Organizational Change and How the AAPS Collective Agreement Applies

Organizational change can have a significant impact on you as an individual. UBC has substantial flexibility in making changes in the workplace and it is important that you understand what your rights are, as a member of AAPS, under the Collective Agreement when these changes occur.

The following article recaps the Advocacy Education sessions facilitated by Luisa Liberatore and Sharon Cory at Point Grey and Okanagan Campuses this past spring.

Organizational change can impact someone:

 

 

Whether the change is positive or negative, it has an impact and feelings of anxiety and stress are normal. Members are not alone during these times of transition.

The University has a responsibility toAAPS members have a right to
  • act fairly
  • act in good faith
  • act reasonably
  • act without discrimination
  • apply common law unless specifically modified by the terms in the Collective Agreement
  • be treated fairly
  • be treated in good faith
  • be treated without discrimination
  • work in a safe and respectful workplace

It is important to remember that the University has the right to hire, fire, discipline, evaluate performance, organize and direct work. Often times it is when this occurs that work place issues arise and members seek counsel and advice from the AAPS Member Service Officers.

Job Changes

Article 5.4 of the Agreement addresses the types of job changes such as temporary or permanent promotions, secondments, transfers, and reassignments. Besides those identified in the Collective Agreement, other examples of possible job changes are reduction or increases of FTE (full time equivalency), changes to work schedules, and alteration or modification of job responsibilities.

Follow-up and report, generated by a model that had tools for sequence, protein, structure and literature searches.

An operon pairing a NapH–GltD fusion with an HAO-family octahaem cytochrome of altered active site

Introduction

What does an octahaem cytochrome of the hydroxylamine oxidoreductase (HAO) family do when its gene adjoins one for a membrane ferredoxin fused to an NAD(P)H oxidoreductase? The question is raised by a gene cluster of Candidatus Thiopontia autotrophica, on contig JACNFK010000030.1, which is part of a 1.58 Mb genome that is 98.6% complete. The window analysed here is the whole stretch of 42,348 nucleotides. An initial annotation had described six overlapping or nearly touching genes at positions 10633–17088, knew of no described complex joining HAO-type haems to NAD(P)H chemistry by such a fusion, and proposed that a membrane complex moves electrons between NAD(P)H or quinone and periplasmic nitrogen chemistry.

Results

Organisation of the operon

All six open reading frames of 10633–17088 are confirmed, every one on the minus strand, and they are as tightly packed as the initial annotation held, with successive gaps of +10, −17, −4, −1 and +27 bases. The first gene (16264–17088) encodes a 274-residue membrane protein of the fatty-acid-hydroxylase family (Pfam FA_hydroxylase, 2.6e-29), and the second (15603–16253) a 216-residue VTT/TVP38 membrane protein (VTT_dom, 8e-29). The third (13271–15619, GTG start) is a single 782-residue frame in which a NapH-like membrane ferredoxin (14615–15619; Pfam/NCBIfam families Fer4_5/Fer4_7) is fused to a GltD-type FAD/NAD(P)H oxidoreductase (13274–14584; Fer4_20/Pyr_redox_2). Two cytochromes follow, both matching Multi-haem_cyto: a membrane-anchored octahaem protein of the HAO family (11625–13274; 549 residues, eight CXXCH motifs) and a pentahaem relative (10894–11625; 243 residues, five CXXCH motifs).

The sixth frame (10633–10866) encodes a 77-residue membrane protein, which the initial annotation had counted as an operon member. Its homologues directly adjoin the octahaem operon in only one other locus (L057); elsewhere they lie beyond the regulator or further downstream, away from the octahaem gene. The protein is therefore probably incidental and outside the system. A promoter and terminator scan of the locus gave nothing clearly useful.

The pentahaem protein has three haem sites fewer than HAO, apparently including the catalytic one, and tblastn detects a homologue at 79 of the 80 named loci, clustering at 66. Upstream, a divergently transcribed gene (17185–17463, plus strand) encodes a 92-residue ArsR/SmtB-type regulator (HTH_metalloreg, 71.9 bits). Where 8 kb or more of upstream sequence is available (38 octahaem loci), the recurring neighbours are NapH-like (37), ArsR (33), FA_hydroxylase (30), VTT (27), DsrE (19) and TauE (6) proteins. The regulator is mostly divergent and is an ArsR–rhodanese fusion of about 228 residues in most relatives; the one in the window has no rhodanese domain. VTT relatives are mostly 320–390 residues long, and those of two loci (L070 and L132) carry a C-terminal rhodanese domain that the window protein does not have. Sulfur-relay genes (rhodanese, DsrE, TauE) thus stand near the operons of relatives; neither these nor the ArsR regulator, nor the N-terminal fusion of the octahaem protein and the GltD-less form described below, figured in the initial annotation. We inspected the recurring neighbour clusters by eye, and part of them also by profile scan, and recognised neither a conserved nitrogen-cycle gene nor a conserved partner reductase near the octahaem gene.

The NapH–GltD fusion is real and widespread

Termination Without Cause

In organizing the workplace, if the University wishes to make a change, it is their right to do so. For the employee, their right is to receive notice which is articulated in Articles 9 and 14.8 of the Agreement. The last few years have seen an increase in the number of AAPS members released on a without cause basis under Article 9. When AAPS President, Jacqueline Smit and Executive Director, Michael Conlon met with President Toope and Lisa Castle on February 15, 2012, AAPS provided data on the significant rise in the number of terminations, especially for those released for reasons of suitability and fit. This issue continues to be part of an ongoing dialogue between AAPS and UBC.

Within the termination letter, the employer uses the word “offer”; this is misleading given that in the vast majority of cases the letter simply restates the University’s legal obligations under the Collective Agreement. There have been a number of instances when members have inadvertently signed letters under the impression that they needed to do so in order to receive notice under the Collective Agreement. This is not the case and members are encouraged to contact the AAPS office to better understand their rights and obligations before signing letters with the University.

Technological, Organizational and Operational Changes

The intention of Article 14.2 is for the University to inform AAPS of changes that will affect a significant number of employees in a work unit. ‘Significant’ can be open to interpretation and does not always occur even when we (AAPS) feel it may be in the University’s best interest to be sharing. Regrettably, there is not much legally that AAPS could do to remedy the situation if UBC decides to not consult AAPS. Nonetheless, AAPS takes the position that communication is a preferred step to reduce or alleviate workplace tension especially when organizational change is being contemplated or implemented.

Given the high attendance at the first two Advocacy Education sessions and the fact that participants were from different departments and units across the University, it is safe to say that many are dealing with changes in the workplace. As always, the AAPS Office is available to meet with you individually or as a group to discuss issues in the workplace. Please look for more Advocacy Education sessions is the coming year.